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Wilderness values: Perspectives from non-economic social science

Posted date: February 25, 2008
Publication Year: 
2007
Publication Series: 
Proceedings (P)
Source: In: Watson, Alan; Sproull, Janet; Dean, Liese, comps. Science and stewardship to protect and sustain wilderness values: Eighth World Wilderness Congress symposium; September 30-October 6, 2005; Anchorage, AK. Proceedings RMRS-P-49. Fort Collins, CO: U.S. Department of Agriculture, Forest Service, Rocky Mountain Research Station. p. 123-133
Note: This article is part of a larger document.

Abstract

The concept of “values” is one of the most widely used to characterize the human dimensions of natural resources. Yet, clearly it means many different things in different disciplines and in everyday discourse. Background information regarding values from a non-economic social science perspective is provided, with an aim towards stretching the dominant economic paradigm for how value questions should be understood and to frame these questions in a way that is more suitable for what might be called, “post-utilitarian forestry.” This amounts to challenging the view that values are “fixed” and individually defined attitudes or preferences. It is suggested instead that values be seen as modes of thinking that differ among different communities, change and evolve as these different communities interact, and further, that such interaction drives the evolution of policy and management over time.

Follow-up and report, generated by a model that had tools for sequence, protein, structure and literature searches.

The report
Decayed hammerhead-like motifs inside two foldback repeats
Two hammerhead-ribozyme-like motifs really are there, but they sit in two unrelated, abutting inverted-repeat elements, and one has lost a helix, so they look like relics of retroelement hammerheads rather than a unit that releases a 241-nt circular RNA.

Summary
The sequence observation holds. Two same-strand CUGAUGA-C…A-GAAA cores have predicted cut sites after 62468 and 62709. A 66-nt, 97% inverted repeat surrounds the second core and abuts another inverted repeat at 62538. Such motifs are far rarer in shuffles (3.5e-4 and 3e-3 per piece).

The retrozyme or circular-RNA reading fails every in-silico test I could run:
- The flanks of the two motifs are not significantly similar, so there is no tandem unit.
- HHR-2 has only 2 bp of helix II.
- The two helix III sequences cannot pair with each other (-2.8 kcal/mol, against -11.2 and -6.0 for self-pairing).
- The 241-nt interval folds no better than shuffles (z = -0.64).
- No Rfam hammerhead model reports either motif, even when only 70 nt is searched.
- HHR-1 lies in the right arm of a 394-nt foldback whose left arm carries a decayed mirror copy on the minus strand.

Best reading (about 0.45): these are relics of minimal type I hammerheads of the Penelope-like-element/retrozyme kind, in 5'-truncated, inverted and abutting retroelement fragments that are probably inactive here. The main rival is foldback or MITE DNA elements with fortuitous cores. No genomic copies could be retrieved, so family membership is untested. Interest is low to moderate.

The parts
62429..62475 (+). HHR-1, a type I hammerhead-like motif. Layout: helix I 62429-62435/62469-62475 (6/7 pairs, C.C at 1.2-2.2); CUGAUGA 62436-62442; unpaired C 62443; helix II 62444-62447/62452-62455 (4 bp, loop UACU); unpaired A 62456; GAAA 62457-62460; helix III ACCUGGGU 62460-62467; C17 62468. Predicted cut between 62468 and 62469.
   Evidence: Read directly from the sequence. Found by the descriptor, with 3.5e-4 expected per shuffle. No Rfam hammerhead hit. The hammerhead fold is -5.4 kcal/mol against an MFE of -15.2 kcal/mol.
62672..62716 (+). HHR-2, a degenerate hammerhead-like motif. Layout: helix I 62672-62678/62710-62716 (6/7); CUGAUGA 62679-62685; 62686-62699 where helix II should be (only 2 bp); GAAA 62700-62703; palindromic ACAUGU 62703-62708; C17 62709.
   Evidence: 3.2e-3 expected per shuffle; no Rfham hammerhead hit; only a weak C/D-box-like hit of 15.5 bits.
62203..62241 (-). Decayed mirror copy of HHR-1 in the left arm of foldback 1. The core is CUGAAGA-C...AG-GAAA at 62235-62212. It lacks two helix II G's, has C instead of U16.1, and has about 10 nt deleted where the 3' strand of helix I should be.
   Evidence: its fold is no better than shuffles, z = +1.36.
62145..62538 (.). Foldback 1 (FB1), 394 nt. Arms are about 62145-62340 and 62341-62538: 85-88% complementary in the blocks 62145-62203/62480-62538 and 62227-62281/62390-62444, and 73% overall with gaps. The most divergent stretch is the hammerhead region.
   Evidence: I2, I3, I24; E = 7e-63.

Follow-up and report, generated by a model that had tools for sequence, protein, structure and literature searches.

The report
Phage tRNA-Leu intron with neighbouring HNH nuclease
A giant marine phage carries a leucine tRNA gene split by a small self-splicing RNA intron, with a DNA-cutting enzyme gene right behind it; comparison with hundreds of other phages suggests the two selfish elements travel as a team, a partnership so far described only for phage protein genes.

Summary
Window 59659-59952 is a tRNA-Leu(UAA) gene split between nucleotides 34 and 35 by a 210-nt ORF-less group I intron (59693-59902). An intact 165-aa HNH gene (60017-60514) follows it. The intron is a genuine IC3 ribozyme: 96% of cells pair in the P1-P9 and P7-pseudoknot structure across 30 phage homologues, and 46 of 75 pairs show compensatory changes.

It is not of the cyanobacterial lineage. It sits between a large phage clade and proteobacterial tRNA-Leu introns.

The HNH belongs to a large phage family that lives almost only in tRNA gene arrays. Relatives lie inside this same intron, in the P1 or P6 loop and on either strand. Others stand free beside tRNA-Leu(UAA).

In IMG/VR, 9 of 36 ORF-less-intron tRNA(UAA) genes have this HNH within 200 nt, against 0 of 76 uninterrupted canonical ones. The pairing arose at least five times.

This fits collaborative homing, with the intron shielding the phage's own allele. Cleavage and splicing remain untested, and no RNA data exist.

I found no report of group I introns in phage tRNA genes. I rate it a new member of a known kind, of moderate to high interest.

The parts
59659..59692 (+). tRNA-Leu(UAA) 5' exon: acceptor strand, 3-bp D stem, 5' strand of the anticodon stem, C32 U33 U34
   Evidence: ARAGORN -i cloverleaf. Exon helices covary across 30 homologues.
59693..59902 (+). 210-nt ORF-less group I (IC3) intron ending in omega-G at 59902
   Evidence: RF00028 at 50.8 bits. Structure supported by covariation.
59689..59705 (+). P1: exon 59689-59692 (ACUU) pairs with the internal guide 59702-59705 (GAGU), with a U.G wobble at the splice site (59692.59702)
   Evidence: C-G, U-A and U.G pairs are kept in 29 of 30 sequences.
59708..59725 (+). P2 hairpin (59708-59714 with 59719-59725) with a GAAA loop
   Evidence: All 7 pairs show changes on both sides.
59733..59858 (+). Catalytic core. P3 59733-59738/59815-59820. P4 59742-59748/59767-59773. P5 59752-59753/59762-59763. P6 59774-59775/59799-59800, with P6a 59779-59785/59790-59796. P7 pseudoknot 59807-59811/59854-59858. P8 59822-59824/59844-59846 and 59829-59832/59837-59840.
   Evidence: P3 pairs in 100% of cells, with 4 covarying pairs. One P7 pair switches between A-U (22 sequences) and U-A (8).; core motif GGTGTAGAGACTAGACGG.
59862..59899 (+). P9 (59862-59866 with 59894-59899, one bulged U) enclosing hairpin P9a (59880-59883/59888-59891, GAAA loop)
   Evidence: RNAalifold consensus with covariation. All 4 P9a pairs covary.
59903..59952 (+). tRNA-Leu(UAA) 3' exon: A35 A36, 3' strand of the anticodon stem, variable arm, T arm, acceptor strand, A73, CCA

Citation

Williams, Daniel R.; Watson, Alan E. 2007. Wilderness values: Perspectives from non-economic social science. In: Watson, Alan; Sproull, Janet; Dean, Liese, comps. Science and stewardship to protect and sustain wilderness values: Eighth World Wilderness Congress symposium; September 30-October 6, 2005; Anchorage, AK. Proceedings RMRS-P-49. Fort Collins, CO: U.S. Department of Agriculture, Forest Service, Rocky Mountain Research Station. p. 123-133